To start our learning path, the organising partners will start with providing an International, Regional, and National perspective on the water sector.
The MDP program strives to recruit richly diverse cohorts, composed of students with different backgrounds and experiences. They often include returned Peace Corps Volunteers but also non-profit managers and consultants and mid- career professionals — such as a lawyer, a veterinarian, an engineer, and a minister.
Most have spent time working abroad in a variety of contexts. This diversity enables students to learn from one another — as well as through academic training and field practicums — through intense class discussions, joint projects, and team-building.
Meet the Current Students: In addition to her work with Phoenix based not-for-profits, Kayla traveled internationally on research projects to Brazil and Guatemala, studying human rights, and sustainability and well-being, respectively.
During her time abroad, she grew increasingly interested in how she could effectively be an agent of change and service to the resource barren and physically isolated communities she had come to know.
Inshe moved to Quetzaltenango, Guatemala to pursue a position with Habitat para la Unexplored natural resources of pakistan, a non-profit committed to safe shelter for all.
Leaving Guatemala to attend Emory University, Kayla is eager to explore in greater depth her passions for community resiliency strategies, sustainability, and emergency preparedness, and to attempting to define sustainable development for herself. While at St Andrews, she studied International Relations, with a particular interest in understanding the voices that are often silenced in academic discourse.
Her interestes led her to focus on feminism, post-colonialism and the place of children in International Relations. She is an avid rugby player and noticed that the similar problems with inequality in academia were appearing at all levels of rugby.
Though she has tabled her literary career, she continues to write in her spare time. Adrian comes to MDP committed to robust, collaborative program evaluation and purposeful communication with stakeholders. Before joining the program, Adrian has assessed antenatal care and infection control in Fiji and facilitated capacity building in Paraguay.
He enriched his skills through research focused on introducing students to social issues using accessible language and analyzing and presenting data on school breakfast programs in Utah. He lived in Brazil for two years where he learned Portuguese and Spanish.
Most recently, Adrian worked as a program evaluation intern with the International Rescue Committee in Salt Lake City and led a team working with refugees and migrants in Moria hotspot in Greece.
As an undergraduate, he was co-president of the international development club and received the Health Science Student of the Year award. Adrian enjoys rock climbing, hammocking, data visualization, Taika Waititi films, audiobooks, and his guitar. Her interest in development stemmed from the challenges she experienced upon moving to the US as a small child.
Before joining Emory, she worked as a development associate for MedShare International, a humanitarian aid organization dedicated to improving the quality of life and people through the redistribution of surplus medical supplies and equipment.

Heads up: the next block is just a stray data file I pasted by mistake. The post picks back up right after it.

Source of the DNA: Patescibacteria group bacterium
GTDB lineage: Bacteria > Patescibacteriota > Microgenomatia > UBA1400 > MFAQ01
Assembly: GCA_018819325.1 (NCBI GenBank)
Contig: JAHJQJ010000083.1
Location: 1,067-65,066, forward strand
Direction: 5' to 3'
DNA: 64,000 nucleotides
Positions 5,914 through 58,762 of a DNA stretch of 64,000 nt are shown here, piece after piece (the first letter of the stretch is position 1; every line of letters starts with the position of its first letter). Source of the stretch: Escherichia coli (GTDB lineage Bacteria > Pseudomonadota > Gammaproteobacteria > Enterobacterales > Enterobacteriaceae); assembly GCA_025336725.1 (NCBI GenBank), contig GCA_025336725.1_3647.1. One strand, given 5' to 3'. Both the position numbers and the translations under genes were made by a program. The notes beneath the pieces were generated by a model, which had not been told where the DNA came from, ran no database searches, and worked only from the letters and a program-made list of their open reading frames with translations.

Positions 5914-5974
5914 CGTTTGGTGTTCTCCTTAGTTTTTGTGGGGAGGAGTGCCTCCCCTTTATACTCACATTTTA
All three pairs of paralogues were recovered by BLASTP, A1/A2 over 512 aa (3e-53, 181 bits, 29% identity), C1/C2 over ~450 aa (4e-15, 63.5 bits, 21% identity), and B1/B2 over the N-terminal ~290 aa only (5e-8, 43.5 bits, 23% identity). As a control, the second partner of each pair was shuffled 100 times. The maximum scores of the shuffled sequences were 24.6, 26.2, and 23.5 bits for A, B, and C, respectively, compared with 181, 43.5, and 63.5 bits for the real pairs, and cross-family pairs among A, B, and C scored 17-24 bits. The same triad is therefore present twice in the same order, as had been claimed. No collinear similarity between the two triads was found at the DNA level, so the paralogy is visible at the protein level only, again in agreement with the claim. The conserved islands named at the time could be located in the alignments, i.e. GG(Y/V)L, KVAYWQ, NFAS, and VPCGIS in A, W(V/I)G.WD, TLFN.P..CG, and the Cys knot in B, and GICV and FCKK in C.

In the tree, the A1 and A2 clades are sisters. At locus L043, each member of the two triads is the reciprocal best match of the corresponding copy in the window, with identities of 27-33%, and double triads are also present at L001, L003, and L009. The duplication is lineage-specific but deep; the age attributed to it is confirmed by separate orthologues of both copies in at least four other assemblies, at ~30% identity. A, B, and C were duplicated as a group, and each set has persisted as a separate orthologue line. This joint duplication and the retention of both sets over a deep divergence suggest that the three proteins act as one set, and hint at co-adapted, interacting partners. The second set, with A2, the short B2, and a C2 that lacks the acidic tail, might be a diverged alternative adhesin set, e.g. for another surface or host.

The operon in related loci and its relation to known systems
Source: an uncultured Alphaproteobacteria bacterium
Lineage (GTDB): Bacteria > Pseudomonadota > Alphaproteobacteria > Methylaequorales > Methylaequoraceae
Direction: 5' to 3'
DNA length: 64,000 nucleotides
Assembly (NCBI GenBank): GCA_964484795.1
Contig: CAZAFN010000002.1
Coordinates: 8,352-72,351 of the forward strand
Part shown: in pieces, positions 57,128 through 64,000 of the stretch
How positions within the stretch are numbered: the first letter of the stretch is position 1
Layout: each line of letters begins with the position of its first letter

She is passionate about sustainable development, particularly gender-specific development programs initiatives in West Africa and the Middle East. Through the MDP program, Pamela looks forward to learning methods of successful planning and implementation of development programs across multiple sectors.
In her spare time, Pamela enjoys practicing ashtanga yoga, reading non-fiction, traveling, and spending time with friends and family.
His desire to integrate with more of the world eventually led him to Peace Corps service in Guyana, South America. While in Guyana, Chase supported the resource mobilization and capacity building of civil society.
Between full time work with the CDC and the MDP program, free time is in short supply, but Chase always finds time for a cup or two of coffee, quick workout and meditation practice.Shangri-La is a fictional place described in the novel Lost Horizon by British author James yunusemremert.com describes Shangri-La as a mystical, harmonious valley, gently guided from a lamasery, enclosed in the western end of the Kunlun yunusemremert.comi-La has become synonymous with any earthly paradise, particularly a mythical Himalayan utopia – a permanently happy land, isolated from.
The information age is not free from its perils. This may sound like an oxymoron. But there is a growing body of evidence that clearly raise serious concerns of increasing influence of .
- ; Water Hub: Pre-conference Networking The Water Hub - a research and innovation centre- will form the setting for the first and, possibly, most exciting networking event yet – the ‘Water Olympics’.
All (willing) delegates will be placed in teams which will then compete against each other in various interactive games involving, or related to, water. The peak oil debate has been around for well over a decade, but as we come out of the most recent oil crisis and continue to expand our reliance on non-conventional oil extraction processes, it.
Pakistan's natural resources range from natural gas reserves, vast land, coal, petroleum, copper, salt and iron ore among others. It has the second largest salt mines in the world, as well as world’s fifth largest gold mines.
It is one of the largest producers of wheat in the world and is the seventh country in the world with nuclear power. Pakistan doesn’t have a significant amount of Natural Resources. Of course, every piece of land does have some resources. And given that Pakistan’s land area is 1/4th that of India’s, there has to be *something* present in the land which is of some value.